The overlays that highlight 17th century London features are approximate and derived from Wenceslaus Hollar’s maps:

Open location in Google Maps: 52.369998, 4.889999

4 Annotations

First Reading

Terry F  •  Link

Amsterdam - major seaport in Holland

"Amsterdam began as a fishing village in the in the late 12th century. According to legend Amsterdam was founded by two Frisian fishermen, who landed on the shores of the Amstel in a small boat with their dog. The damming of the river Amstel gave it its name (in Dutch: Amstelredam 'Dam in the Amstel', turned into Amsterdam in the course of time). The traditional founding of the city of Amsterdam is October 27, 1275, when the inhabitants living around the Amstel dam were granted freedom from paying the tolls associated with the locks and bridges of Holland. It was given city rights in 1300 or 1301. From the 14th century on, Amsterdam flourished, largely on the basis of trade with the cities of the Hanseatic League.

"In the 16th century the Dutch rebelled against Philip II of Spain and his successors. The revolt escalated into the Eighty Years' War which ultimately led to Dutch independence. After the break with Spain the Dutch Republic became known for its relative religious tolerance. Jews from Spain and Portugal, prosperous merchants from Antwerp (economic and religious refugees from the part of the Low Countries still controlled by Spain), Huguenots from France (persecuted for their religion) sought safety in Amsterdam.

"The 17th century is considered Amsterdam's "Golden Age". In the early 17th century Amsterdam became one of the wealthiest cities in the world. Ships sailed from Amsterdam to the Baltic Sea, North America, Africa and present-day Indonesia and Brazil and formed the basis of a worldwide trading network. Amsterdam's merchants had the biggest share in the VOC and WIC. These companies acquired the overseas possessions which formed the seeds of the later Dutch colonies. Amsterdam was the most important point for the trans-shipment of goods in Europe and it was the leading financial centre of the world. Amsterdam's stock exchange was the first to trade continuously."…

Second Reading

San Diego Sarah  •  Link…

An account of the Dutch Admiralty:

"The Dutch constitution shaped the Dutch navy. With no central government there was no single national navy, but five provincial admiralties; nominally federal institutions, though in practice dominated by provincial interests. The Admiralty of Amsterdam was the wealthiest and politically most influential, but its rival the Admiralty of the Maze at Rotterdam was the senior. Next in importance was the Admiralty of Zeland, with its headquarters at Middleburg and its naval yard at Flushing. There was a third Holland Admiralty, that of the "North Quarter," which alternated its establishment every six months between Hoorn and Enkhuizen, and finally the little admiralty of Friesland at Harlingen. Each of these admiralties had its own fleet and naval establishments, supported by its own revenues, but they did not exhaust the Republic's naval resources.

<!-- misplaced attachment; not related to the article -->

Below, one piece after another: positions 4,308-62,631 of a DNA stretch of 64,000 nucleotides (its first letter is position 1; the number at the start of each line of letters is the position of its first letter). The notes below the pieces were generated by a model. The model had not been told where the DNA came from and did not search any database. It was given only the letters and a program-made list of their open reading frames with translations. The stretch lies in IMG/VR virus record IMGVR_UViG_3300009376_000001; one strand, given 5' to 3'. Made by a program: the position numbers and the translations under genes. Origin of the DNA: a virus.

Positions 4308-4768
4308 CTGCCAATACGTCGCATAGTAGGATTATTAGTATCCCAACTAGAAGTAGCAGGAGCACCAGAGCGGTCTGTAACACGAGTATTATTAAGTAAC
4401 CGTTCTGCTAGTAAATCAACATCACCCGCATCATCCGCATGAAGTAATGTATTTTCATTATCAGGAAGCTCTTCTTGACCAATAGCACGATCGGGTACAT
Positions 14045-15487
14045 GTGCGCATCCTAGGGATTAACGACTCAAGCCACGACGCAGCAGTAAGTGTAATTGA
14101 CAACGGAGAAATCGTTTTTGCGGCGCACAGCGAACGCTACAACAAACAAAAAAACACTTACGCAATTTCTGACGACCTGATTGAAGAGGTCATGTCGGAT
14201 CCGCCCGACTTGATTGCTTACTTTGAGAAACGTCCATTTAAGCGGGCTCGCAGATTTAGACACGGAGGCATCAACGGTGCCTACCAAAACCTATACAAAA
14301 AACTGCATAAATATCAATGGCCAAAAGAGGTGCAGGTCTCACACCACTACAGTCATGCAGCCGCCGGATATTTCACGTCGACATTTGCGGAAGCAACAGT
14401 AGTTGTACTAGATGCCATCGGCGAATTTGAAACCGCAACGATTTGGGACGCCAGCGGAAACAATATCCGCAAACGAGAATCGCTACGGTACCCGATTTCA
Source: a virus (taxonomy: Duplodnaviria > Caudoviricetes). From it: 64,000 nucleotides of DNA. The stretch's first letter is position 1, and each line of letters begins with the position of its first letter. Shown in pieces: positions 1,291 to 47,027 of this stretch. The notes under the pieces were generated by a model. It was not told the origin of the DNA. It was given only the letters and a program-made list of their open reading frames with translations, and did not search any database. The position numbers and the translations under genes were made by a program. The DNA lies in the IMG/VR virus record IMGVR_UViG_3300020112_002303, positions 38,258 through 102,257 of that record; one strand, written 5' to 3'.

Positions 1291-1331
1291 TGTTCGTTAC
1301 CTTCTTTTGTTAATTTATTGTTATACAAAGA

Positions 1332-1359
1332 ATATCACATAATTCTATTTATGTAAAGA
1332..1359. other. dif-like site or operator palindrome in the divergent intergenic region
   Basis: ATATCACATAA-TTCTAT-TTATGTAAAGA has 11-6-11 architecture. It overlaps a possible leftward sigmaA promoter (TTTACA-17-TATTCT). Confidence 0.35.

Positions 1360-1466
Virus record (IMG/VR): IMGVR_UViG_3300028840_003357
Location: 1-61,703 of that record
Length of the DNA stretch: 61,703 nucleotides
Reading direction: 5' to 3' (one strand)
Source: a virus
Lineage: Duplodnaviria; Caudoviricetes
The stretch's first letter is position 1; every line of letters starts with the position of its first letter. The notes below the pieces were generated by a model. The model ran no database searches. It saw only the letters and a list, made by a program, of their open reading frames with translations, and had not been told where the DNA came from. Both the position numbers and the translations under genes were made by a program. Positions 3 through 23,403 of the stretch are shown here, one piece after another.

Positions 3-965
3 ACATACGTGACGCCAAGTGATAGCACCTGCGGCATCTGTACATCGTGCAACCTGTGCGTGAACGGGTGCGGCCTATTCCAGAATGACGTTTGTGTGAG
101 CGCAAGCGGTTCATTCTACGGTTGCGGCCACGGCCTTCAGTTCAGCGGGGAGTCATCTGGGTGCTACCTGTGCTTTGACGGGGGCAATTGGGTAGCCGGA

The two great joint stock companies, the East and West India Companies each owned substantial fleets of well-armed ships which could, by negotiation, be made available to the Republic."

"The Dutch fleet organization ... reflected political rather than operational priorities. Rivalry between the admiralties had generated a plethora of flag-officers, to accommodate whom the fleet was divided into seven squadrons, each with three admirals or commodores. Most of the squadrons were made up of ships from mixed admiralties, commanded in many cases by admirals unknown to their subordinates, and there was no established order of seniority between them. Nor was there any arrangement of the squadrons in a line of battle, which the Dutch had not yet adopted ..." -- N. A. M. Rodger The Command of the Ocean A Naval History of Britain, 1649 - 1815 NY: 2005 (London: 2004) pp. 9-10, 69.

Third Reading

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Chart showing the number of references in each month of the diary’s entries.